Compton Abbas is a lovely, pretty village, off the main road and undisturbed. Its name is derived from ‘Cumb-ton’ – village in a narrow valley, and ‘abbas’, signifying that its land once belonged to the abbess of Shaftesbury. Continue along the same road following its curves, but not turning off, and on meeting a T-junction, turn right and up the hill. You have a break in any residential properties for a bit but then you enter into the second part of Compton Abbas (East Compton). After passing modern, and aptly named, Newtown on your right and the farm on the corner, you approach an old looking wall on your left hand side. This is the first clue to finding the ruins of St Marys Church, where the clubman Thomas Bravell would have preached. A 15th-century greensand tower is all that survives, slightly pale in colour, blocked up and left for pigeons to explore. It still guards a number of crumbling gravestones, unidentifiable tombs and a well weathered medieval cross. To access the tower, follow the ancient stone wall around the left to meet a gate, opposite the old farmhouse.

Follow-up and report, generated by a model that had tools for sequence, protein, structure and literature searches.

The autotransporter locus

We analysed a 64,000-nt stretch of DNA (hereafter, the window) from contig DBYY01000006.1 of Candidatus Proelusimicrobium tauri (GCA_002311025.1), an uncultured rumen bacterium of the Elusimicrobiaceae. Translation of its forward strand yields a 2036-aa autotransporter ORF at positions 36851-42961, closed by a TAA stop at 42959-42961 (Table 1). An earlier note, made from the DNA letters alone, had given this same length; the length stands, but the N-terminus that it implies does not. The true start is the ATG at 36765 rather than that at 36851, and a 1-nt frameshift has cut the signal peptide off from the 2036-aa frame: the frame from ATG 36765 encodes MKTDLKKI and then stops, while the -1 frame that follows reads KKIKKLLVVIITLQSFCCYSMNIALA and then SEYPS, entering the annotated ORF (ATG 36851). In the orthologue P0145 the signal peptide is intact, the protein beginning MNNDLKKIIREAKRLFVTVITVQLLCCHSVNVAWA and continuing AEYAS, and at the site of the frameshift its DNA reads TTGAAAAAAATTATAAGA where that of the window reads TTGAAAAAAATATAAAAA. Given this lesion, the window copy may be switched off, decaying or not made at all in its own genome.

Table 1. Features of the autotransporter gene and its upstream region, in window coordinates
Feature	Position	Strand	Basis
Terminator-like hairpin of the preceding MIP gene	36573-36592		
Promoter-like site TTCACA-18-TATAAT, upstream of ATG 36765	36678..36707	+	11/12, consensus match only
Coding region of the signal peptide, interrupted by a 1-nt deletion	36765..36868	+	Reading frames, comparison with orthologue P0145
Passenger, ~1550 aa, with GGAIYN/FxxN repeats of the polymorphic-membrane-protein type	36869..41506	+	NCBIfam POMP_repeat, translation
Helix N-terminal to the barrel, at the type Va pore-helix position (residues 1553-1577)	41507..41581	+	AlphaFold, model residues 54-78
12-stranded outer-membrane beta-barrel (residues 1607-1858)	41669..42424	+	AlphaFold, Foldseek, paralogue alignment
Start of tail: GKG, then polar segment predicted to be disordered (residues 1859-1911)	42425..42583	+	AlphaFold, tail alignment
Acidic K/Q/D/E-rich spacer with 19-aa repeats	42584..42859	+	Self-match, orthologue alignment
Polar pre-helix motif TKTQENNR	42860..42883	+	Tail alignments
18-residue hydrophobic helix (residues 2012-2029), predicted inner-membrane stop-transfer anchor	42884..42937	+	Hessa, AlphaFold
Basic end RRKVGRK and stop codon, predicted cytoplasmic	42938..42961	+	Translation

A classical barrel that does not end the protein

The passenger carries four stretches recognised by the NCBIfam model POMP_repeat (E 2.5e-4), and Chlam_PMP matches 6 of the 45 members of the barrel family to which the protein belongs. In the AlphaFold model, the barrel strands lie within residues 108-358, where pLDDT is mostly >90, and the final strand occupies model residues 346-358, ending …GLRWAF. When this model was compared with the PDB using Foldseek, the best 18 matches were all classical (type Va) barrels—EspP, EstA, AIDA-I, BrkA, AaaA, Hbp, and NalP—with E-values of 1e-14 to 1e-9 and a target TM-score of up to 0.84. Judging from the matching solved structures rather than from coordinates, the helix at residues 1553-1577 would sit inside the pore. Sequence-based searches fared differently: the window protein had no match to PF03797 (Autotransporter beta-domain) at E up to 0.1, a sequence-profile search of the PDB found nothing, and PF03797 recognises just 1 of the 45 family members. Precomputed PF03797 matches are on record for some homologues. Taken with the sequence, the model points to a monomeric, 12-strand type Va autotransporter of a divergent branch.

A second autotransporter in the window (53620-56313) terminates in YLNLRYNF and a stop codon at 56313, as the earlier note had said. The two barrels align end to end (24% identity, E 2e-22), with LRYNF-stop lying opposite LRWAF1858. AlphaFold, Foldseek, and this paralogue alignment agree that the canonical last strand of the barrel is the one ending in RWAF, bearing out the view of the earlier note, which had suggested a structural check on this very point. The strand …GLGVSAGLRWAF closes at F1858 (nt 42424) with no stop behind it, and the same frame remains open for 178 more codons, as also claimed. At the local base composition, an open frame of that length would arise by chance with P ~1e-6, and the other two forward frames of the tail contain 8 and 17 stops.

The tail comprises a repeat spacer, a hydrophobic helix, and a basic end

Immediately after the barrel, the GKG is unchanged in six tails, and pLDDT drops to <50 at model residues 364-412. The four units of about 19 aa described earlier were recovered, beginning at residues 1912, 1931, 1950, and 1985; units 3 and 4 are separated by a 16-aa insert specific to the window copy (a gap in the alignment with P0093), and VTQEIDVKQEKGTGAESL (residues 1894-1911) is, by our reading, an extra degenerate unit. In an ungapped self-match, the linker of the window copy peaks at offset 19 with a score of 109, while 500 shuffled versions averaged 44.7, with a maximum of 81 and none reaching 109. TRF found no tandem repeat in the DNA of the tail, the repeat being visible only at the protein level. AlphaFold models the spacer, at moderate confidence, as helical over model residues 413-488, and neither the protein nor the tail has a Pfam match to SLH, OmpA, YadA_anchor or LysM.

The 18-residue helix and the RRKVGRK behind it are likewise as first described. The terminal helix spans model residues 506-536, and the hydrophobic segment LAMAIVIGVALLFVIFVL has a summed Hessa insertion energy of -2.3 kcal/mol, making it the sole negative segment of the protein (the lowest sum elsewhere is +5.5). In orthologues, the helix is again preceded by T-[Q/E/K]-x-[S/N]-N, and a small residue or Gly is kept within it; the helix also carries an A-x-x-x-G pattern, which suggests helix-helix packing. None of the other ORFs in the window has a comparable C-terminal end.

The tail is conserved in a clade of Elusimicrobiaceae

Continuing on the route, follow the old farmhouse wall around to the left and take the track on your right, pass through a gate and continue to follow the track towards your climb to Melbury. The track is hugged like a horseshoe by the giant peaks of Melbury on the left and Compton Down on your right. You can see a large shallow dip in the gradient of Compton Down, this is where there was once a World War II gun emplacement whose purpose was to protect and defend the nearby radar station, which was positioned on Spread Eagle hill.
Remain on the track, keeping the boundary on your left all the way to the base of the hill. On meeting a gate on your right go on through, it is marked with a small National Trust sign acknowledging your entry to Melbury. Follow the worn route diagonally up the hill. It is a big climb and my advice is to take it slowly and sit down lots to fully appreciate the view that grows behind you!